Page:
[AMRadio] Open vs Closed QSOs


Bob Peters rwpeters at swbell.net
Tue Oct 27 22:57:06 EDT 2009


Our North Texas group is really good on short
transmissions not like the old days of Ozona
Bob...45 minute transmissions  LOL we have 8 or 10
most all the time and a lot of us still work so we
are on an early sched to get off...

Bob W1PE

-----Original Message-----
From: amradio-bounces at mailman.qth.net
[mailto:amradio-bounces at mailman.qth.net] On Behalf
Of Brett Gazdzinski
Sent: Tuesday, October 27, 2009 9:37 PM
To: Discussion of AM Radio in the Amateur Service
Subject: Re: [AMRadio] Open vs Closed QSOs

Tough one Don!
I used to enjoy those massive 40 meter round
tables in the past, but think 
most guys kept the transmissions short.
I try and remember to keep the transmissions short
as the group gets bigger, 
but don't always remember....

I LIKE long transmissions in a one on one as it
gives time to go up and make 
some tea or burn one, get a snack, etc.

I often hear what I consider to be rude behavior
when one guy makes a 15 
minute transmission about not much with a big
group waiting.
Some guys just like to talk, and are not that big
on listening.

But that's AM, if people break in and tie up the
frequency, you can be sure 
you will be talking to whoever again before to
long...

There are a lot of different people on AM.....

Brett




----- Original Message ----- 
From: "D. Chester" <k4kyv at charter.net>
To: <amradio at mailman.qth.net>
Sent: Tuesday, October 27, 2009 1:48 PM
Subject: [AMRadio] Open vs Closed QSOs


> Should "breakers" *always* be welcome to join in
a QSO regardless, or are
> there times when it is best not to interrupt an
on-going QSO, and when is 
> it
> OK for the participants in a QSO to ignore
would-be breakers?
>
> One of things I often find annoying when
attempting to carry on a contact
> near any of the popular AM operating frequencies
is the near impossibility
> of avoiding a large, cumbersome roundtable.  The
band may be completely
> devoid of any AM activity for a half-hour or
more, but as soon as one
> station starts up a QSO with one other, within
minutes you can expect the
> inevitable breaker wishing to join the
conversation. Then another.  And
> another.  The more participants in the QSO, the
more frequent the 
> breakers,
> until a group has developed with 5, 8 or more
stations. If the old buzzard
> roundtable procedure is observed with a large
group, you can count on at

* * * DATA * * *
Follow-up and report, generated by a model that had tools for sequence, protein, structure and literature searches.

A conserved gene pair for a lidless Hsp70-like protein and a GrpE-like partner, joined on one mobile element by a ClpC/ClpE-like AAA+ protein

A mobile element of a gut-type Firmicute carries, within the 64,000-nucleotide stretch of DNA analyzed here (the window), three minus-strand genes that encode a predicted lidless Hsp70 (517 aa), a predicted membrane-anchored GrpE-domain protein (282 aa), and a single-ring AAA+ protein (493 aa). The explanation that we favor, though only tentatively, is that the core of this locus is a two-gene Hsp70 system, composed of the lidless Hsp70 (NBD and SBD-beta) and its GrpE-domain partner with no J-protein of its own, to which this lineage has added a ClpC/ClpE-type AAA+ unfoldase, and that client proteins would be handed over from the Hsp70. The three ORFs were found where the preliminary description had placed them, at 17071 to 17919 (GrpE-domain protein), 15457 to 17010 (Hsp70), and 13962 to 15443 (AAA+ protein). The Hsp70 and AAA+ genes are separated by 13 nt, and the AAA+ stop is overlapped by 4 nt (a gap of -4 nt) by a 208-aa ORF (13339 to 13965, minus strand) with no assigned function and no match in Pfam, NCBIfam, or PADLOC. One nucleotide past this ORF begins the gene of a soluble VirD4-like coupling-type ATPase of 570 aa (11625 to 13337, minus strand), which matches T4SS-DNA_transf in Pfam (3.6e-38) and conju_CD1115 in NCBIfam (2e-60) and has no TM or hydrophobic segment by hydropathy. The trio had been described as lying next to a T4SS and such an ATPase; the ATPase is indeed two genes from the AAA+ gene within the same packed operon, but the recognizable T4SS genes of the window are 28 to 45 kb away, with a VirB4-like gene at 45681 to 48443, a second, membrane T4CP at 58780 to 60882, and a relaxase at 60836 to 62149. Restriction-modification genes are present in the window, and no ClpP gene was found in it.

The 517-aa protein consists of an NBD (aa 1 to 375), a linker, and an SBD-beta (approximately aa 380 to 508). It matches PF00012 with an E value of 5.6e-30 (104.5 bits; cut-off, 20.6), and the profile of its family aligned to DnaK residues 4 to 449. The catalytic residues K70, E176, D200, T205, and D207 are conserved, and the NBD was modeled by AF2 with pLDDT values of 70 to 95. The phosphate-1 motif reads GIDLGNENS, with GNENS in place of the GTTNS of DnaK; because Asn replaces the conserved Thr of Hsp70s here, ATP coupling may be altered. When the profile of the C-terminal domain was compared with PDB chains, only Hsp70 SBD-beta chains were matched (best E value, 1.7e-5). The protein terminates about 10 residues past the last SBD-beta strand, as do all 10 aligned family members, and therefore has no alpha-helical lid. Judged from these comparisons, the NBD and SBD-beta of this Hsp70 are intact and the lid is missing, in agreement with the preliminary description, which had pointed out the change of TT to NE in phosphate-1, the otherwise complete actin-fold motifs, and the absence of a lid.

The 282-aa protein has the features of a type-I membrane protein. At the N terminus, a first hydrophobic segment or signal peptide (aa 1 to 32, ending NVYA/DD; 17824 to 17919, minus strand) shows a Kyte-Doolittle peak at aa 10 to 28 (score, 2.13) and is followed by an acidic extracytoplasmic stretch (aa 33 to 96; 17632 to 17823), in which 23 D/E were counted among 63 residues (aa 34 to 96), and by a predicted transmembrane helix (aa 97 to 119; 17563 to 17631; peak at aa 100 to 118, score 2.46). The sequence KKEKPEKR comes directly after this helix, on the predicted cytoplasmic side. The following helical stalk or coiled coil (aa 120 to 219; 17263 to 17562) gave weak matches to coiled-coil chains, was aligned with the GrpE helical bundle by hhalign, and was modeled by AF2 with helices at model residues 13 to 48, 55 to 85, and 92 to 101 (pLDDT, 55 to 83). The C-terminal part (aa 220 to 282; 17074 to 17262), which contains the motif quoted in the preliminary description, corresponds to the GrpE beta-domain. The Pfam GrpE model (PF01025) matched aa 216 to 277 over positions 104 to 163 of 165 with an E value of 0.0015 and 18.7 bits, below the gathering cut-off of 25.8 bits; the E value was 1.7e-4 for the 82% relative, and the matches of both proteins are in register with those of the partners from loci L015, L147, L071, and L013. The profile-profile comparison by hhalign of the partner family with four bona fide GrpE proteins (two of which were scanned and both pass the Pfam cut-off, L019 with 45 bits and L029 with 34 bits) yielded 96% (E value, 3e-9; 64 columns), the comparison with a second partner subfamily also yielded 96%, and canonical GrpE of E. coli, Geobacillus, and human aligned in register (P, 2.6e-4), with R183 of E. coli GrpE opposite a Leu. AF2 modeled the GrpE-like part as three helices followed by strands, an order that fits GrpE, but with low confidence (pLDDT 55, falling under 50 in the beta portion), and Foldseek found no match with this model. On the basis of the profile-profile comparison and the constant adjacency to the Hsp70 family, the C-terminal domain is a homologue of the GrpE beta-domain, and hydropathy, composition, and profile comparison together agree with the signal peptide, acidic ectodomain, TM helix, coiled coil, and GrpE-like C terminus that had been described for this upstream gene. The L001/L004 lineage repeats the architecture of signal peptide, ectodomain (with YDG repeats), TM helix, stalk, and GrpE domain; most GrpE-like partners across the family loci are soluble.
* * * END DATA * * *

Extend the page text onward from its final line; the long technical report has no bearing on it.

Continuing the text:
> least one participant getting the sequence
wrong, per go-round, and 
> someone
> often gets left out for one or more rounds. It
goes without saying that 
> one
> or more the breakers will be piss-weak, and the
general rule is the weaker
> they are the longer they talk. Before long, each
member of the roundtable 
> is
> waiting 45 minutes between transmissions, which
tends to encourage long
> old-buzzard transmissions when one finally does
get a turn to transmit. It
> is virtually impossible to carry on a simple
conversation with one other
> station on a topic of interest during prime-time
operating hours.
>
> Not that I mind joining in a nice chat with a
group of AM stations or 
> having
> others join in on a relaxed informal
conversation, and maybe attracting a
> newcomer or two to the mode. But sometimes I
find myself engaged in
> conversation with another station on a specific
topic of particular 
> interest
> to both of us, but then the inevitable breakers
enter the QSO without
> displaying any interest in the topic of
discussion, and before long the
> whole conversation is redirected off topic and
the original discussion
> fizzles before it is allowed to reach a
conclusion.  I find this highly
> annoying to say the least.
>
> What's the best way to handle this situation?
With CW there is a 
> convenient
> pro-sign that specifically tells the other
station and only that station 
> to
> transmit, and that all others should stand  by
until the ongoing
> communication is finished.  That pro-sign is KN
in lieu of a simple K at 
> the
> end of a transmission.  But I know of no
corresponding pro-sign for use 
> with
> phone.  Is it rude to ignore breakers, or must
they always be made to feel
> welcome to join any conversation regardless?
One technique when everyone 
> in
> the QSO has a strong signal, is to overlap the
carriers as one station 
> turns
> it over to the other so that there is no pause
between transmissions. Some
> people say they find that rude, but wouldn't it
be equally rude to 
> approach
> two or more strangers on the street, and to butt
into their conversation
> without being invited?
>
> I would suggest listening to the content of the
conversation in a QSO 
> before
> attempting to break in.  If the participants are
discussing a specific
> topic, do not attempt to interrupt unless you
have something to contribute
> to the topic at hand.   Listen carefully, and
you will likely hear clues 
> to
> whether or not they would welcome others to
join.  If there is any doubt,
> QSY to a nearby frequency and call CQ, or scan
the band for another 
> on-going
> QSO that would appear to be more welcoming to
breakers.
>
> We will generate more AM presence in the bands
with several simultaneous
> QSO's with 2 or 3 participants each, than with
everyone falling into one
> large, boring roundtable with 8 or more
stations, each taking their turn 
> to
> make a 10-20 minute transmission. On 75m, if
3870-90 is fully occupied,
> consider moving "down below" to 3600-3750 or
thereabouts, or give 160 or 
> 40
> a try.
>
> Don k4kyv
>
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